After touring with Young, Lofgren went back to Grin. In 1974, the band lost its record deal, split up, and Lofgren went solo. Critics loved him and the small crowds embraced his passion on stage (Lofgren, a 5-foot-3 guy who was a gymnast as a kid, is famous for doing backflips during shows), but commercial success eluded him.

That’s where he was in his career that night in the spring of 1978, a talented musician about to turn 27 years old, wondering if he was washed up, feeding off of every basket the Bullets made.

He wrote “Bullets Fever” that night. The next day he called a friend, Bob Dawson, who had a studio. Lofgren laid down an initial track, then played all the instruments and sang (guitars and piano and harmonies). Dawson made the mix and ran off 25 cassettes. The next day, Lofgren opened the phone book and wrote down the addresses of radio studios around Washington. He drove each cassette to a different studio and asked that it land on the desk of the program manager.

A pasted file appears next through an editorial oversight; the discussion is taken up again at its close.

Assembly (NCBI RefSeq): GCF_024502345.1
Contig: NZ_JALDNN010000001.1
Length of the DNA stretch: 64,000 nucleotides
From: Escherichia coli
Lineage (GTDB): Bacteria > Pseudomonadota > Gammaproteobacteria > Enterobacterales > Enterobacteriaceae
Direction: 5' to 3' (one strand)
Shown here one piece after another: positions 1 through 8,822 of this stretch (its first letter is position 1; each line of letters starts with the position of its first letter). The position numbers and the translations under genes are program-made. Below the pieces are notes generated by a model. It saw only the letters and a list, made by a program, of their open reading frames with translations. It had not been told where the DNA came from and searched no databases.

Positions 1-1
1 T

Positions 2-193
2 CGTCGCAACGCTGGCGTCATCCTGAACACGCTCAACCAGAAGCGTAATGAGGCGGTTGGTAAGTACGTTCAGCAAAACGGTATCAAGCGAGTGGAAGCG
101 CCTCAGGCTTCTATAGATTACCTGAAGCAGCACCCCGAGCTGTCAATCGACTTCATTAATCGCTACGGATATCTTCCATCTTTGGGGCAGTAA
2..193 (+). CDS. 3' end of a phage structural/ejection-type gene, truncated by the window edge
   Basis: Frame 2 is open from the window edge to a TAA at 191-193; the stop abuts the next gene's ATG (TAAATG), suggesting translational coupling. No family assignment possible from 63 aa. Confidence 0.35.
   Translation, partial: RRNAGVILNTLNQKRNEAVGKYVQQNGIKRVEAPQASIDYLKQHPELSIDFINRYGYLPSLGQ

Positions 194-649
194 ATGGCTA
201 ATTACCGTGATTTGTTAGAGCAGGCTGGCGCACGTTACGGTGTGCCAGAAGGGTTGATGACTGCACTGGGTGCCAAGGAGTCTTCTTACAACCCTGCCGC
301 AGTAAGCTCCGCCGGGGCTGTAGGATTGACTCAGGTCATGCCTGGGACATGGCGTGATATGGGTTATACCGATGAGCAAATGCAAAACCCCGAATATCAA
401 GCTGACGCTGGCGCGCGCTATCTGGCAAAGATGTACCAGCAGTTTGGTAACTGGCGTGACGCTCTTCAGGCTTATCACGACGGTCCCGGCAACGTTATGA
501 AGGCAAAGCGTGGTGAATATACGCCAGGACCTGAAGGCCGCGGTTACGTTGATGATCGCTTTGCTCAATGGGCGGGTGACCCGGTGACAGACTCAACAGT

“And sure enough, they kept winning, and somebody started playing it, and next thing you know, it was like the most requested song on local radio,” Lofgren told me recently. “God bless ’em. They kept winning.”

For weeks, Lofgren’s high-pitched voice piped into cars around the beltway:

You gotta be a fan from old D.C.
To know what the Bullets mean to me.
To see them get up and go all the way
For me, Bullets Fever is here to stay!

Not exactly “Like a Rolling Stone,” but still catchy. Bullets owner Abe Pollin took a liking to it and invited Lofgren to meet with him. A few days later, Lofgren was walking around the Capital Centre, the old swoop-roofed arena out in Landover, Maryland, where the Bullets and Capitals played for decades. The meeting was at 10:30 a.m.
“I looked like a homeless person,” Lofgren remembers. “Disheveled and just very casual, kind of in my own world.”

Pollin told Lofgren he loved the song, but he had some questions about how it came together. Who wrote it? “I wrote it,” Lofgren said. And who sang it? “I sang it.” And who are the musicians in the background? “Just me.” Wait, what do you mean? “I played everything.” Well, who are the girl singers? “That’s not girl singers. I’m singing falsetto. That’s me.”